- Contact kennel clubs and animal rescue organizations. These make a good secondary rehoming source. Reputable groups are usually well known. Clubs can be breed specific, but exceptions get made. Evaluations are typically done, then broad networking with potential new owners.
- Consider humane societies and shelters as a last resort. They have enough animals to deal with. However, the advice and contacts available are typically excellent. Make friends with the staff, pay part of the adoption fee and let them help you find a home for your pet.
- Social media successes exist, but consider a more targeted approach. A well written flyer with a nice pet photo and email address only, can be posted at your local retailer of choice. Choose your target demographic, get permission and post them in pet supply stores, veterinarian and grooming shops, with animal trainers, pet sitting businesses, even local church or community center bulletin boards. Remember, pet rehoming is all about marketing.
- Be cautious in all rehoming steps. Trust but verify, your future psyche depends on it. Interviews, references, home visits, a trial period, backup plans, go nuts. These are your pals. Make it all warm and fuzzy.
As Dee and I lounge on a bench in Cuenca’s Parque San Blas, we watch a large gringo dude in a cowboy hat gently tossing a tennis ball for his grey-muzzled, lumpy old Lab. The dog stiffly trots after each slow roller and returns it proudly to his owner — just like he’s done for many years. When we meet and pet the old fella, his owner tells us:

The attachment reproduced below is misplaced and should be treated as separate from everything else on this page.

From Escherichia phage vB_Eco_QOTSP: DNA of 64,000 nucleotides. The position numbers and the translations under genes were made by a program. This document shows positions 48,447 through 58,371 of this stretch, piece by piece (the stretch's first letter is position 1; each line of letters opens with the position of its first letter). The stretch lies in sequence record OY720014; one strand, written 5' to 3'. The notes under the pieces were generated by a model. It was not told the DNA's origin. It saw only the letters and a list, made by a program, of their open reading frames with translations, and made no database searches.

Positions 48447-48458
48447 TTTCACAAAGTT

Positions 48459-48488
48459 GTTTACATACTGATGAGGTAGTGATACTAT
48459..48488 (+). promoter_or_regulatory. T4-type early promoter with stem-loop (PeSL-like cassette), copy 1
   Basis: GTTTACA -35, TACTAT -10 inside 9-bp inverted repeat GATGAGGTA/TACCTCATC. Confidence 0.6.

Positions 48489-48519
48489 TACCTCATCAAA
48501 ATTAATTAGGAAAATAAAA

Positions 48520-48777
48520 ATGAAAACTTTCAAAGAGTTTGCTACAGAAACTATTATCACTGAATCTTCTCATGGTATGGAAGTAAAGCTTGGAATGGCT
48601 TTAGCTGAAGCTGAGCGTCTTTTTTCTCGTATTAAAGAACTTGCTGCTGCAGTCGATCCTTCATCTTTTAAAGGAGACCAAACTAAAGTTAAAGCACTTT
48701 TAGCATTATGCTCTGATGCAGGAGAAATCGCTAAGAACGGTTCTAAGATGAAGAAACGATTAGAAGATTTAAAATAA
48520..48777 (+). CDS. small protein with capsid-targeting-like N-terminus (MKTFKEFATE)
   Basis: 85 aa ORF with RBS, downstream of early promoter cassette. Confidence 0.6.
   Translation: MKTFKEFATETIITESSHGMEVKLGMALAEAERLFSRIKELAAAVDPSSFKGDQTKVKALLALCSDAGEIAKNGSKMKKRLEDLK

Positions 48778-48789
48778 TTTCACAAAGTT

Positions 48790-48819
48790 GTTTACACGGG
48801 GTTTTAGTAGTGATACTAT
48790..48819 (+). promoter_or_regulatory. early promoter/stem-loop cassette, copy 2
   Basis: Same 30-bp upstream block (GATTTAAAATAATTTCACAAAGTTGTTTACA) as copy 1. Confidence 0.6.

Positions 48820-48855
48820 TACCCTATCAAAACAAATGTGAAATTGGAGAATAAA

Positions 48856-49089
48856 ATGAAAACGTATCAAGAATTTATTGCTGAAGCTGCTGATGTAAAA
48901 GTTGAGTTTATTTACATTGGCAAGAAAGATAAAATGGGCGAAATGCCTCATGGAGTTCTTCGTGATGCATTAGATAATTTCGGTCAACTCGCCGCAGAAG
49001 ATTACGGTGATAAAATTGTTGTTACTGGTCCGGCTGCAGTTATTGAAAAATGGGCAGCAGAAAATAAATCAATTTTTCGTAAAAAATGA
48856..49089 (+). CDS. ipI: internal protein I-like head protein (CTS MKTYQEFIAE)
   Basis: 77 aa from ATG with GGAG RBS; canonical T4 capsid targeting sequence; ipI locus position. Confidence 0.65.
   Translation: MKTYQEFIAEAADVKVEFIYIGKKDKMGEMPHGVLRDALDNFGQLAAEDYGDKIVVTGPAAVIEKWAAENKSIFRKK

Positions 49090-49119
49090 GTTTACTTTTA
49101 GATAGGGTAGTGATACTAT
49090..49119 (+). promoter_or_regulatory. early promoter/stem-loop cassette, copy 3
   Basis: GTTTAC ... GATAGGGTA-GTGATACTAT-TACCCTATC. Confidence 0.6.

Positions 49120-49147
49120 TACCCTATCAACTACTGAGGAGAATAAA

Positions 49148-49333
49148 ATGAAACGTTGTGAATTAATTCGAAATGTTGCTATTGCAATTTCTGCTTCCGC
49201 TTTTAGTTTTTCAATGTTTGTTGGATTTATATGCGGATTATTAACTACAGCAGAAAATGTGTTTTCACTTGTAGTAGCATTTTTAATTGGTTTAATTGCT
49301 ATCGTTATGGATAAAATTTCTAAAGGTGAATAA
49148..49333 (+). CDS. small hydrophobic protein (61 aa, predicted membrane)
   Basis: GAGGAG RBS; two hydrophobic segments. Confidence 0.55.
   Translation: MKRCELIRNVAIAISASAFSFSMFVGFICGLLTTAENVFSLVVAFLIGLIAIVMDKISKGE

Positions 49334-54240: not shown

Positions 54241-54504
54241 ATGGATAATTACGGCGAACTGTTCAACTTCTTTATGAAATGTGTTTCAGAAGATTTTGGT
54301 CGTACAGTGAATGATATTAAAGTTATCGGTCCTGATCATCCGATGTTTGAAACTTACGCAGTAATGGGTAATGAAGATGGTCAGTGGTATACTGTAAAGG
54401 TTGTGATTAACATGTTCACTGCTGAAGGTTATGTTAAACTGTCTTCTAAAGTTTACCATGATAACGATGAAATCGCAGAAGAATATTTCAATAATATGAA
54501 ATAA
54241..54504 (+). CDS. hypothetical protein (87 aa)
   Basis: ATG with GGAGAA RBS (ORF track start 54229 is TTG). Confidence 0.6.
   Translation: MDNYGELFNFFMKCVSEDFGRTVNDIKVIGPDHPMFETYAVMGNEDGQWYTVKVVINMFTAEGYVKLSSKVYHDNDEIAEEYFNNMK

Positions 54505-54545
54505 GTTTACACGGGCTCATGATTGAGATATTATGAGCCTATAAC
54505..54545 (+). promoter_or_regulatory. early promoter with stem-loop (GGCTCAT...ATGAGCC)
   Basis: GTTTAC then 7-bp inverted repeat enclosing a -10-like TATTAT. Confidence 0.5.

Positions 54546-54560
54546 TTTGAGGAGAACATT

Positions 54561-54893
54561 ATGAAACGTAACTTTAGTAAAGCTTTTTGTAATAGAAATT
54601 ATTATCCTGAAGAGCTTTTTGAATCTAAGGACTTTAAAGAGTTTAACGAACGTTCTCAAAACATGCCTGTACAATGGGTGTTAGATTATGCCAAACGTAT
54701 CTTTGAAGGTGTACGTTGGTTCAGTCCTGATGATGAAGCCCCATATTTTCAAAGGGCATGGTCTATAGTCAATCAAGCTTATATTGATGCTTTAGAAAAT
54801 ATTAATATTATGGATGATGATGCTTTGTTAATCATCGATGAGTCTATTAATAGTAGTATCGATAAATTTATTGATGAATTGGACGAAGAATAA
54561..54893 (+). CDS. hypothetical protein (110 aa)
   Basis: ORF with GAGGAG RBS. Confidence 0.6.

“….he was too old for us to leave home…. we had to bring him….”
That comment seems to say it all. Expats think differently about what is best for their pets, and it’s all over the map. When it comes to animals, we each have our own path.
During our regular visits here, people often ask my wife and me why we aren’t yet living in Cuenca? I tell them we have nine reasons — four dogs and five cats. Of course, it’s more complicated than that. But for committed expat wannabes who are also animal lovers, some difficult and very personal decisions await. Until those are made, my policy is to be honest:
“It’s not a sensible or rational decision for us. We have pets.”
All photos by Dee Fugit.
Scott Fugit retired recently to study leisure, travel writing and Ecuador. His goal is to bring real experiences and entertainment in articles relevant to expat life. He and his photographer wife Dee are Cuenca wannabes.